Monday, June 24, 2013

How bad does it have to get?

Over the weekend we learned that Britain's GCHQ was tapping every international cable going into the UK, recording all internet traffic, and sharing it with the NSA under a very dubious interpretation of the Regulation of Investigatory Powers Act. The spying wa so extensive that even MI5 - who are not exactly friends of privacy and human rights - thought it was going too far. This raises a couple of interesting questions.

Firstly, did GCHQ share any of their data with the GCSB? And was any of that data about New Zealanders? Note that such sharing would be illegal under the current GCSB Act, which covers not just physical interception, but also acquisition even of summaries from foreign partners. Questions need to be asked in Parliament about this.

Secondly, is the GCSB doing this or planning to do this here? At this stage, I think its worth noting the Spy Bill's proposed new section 15A (1) (a) (ii), which would allow GCSB to intercept any "communications that are sent from, or are being sent to, an overseas country". This would be subject to their proposed revised section 14, which forbids interception the communications of New Zealanders, but note that that only applies to the GCSB's foreign intelligence function. If they say its for the purposes of "cybersecurity", to "allow the GCSB to see who (namely New Zealand individuals and companies) is being attacked", then they can spy on us as much as they want, and share it all with their foreign "partners".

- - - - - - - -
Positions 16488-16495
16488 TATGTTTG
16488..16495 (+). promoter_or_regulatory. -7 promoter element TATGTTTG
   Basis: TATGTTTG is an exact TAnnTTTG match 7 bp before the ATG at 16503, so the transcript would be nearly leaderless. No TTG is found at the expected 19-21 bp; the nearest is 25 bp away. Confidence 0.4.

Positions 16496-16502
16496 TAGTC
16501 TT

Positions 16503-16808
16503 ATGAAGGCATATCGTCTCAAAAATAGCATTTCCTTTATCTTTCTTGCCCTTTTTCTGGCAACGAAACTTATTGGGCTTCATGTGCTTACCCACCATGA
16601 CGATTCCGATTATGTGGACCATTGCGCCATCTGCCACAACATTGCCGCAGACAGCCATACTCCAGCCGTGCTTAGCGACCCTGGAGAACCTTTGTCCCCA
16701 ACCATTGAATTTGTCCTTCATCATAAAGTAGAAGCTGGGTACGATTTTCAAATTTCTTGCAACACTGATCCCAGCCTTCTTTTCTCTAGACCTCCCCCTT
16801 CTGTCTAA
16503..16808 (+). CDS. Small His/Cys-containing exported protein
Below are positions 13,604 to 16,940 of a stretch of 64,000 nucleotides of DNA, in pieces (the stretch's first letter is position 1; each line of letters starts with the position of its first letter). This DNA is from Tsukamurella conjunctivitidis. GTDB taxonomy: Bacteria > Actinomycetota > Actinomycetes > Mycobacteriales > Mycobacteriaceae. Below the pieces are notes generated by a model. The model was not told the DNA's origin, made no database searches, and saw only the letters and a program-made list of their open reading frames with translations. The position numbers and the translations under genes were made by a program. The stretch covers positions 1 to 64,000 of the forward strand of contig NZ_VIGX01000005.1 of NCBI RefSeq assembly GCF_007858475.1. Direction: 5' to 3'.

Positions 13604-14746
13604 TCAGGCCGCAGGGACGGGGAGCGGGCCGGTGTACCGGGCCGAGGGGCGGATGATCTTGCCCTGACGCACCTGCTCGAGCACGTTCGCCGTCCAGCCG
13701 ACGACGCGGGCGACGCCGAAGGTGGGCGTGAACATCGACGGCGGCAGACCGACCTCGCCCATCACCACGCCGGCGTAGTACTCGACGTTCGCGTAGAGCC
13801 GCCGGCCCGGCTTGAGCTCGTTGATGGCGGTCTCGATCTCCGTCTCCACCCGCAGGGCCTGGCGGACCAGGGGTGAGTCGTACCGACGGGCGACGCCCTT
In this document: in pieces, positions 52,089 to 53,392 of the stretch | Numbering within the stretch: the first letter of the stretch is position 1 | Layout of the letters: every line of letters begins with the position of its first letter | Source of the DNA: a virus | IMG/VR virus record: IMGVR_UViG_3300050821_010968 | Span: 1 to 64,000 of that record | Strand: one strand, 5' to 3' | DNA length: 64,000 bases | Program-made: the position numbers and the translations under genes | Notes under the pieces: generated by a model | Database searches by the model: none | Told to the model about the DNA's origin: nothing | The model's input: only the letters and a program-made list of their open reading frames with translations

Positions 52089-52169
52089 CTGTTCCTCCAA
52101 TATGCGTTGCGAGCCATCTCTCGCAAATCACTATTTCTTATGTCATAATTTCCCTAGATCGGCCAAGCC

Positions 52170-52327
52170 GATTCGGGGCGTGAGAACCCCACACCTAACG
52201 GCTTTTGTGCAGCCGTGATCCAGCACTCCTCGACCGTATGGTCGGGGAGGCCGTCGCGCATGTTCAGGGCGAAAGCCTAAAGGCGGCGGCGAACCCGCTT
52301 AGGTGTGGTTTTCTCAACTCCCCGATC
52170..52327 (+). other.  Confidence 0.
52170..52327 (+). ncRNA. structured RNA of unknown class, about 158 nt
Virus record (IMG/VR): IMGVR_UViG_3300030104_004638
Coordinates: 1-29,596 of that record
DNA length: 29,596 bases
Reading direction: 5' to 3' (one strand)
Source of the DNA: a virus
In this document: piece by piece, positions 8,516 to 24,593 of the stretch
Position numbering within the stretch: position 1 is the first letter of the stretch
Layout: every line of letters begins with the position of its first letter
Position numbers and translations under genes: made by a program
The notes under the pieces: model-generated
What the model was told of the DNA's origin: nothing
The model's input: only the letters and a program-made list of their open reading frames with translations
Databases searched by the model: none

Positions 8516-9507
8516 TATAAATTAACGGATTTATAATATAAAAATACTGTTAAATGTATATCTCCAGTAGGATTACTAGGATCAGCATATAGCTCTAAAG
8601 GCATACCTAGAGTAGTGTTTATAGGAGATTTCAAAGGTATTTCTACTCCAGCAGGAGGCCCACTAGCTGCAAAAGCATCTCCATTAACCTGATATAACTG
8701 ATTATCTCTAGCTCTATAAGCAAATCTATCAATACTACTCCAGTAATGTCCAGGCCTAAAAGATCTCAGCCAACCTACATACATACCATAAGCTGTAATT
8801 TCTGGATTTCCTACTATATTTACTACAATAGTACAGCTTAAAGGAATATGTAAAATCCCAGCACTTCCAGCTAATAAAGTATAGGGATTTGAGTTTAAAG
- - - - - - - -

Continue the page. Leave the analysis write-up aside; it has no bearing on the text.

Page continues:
Thirdly, and most importantly: how bad does it have to get to convince Peter Dunne and Winston Peter to vote against the bill? Seriously. What we're seeing from overseas is a mindset of total surveillance for total control, which (charitably) skirts all legal oversight. And the spy bill reflects that mindset and enables such action here. Is that really the sort of New Zealand Dunne and Peters believe in? One where the government taps every phone call, reads and databases and datamines every email and web visit, just in case we're up to anything naughty are targeted by Nigerian scammers? Really?

The acid needs to go on these two to declare their opposition for the bill. And if they don't, and it passes, we should be very clear on who is to blame for our new totalitarian internet surveillance state.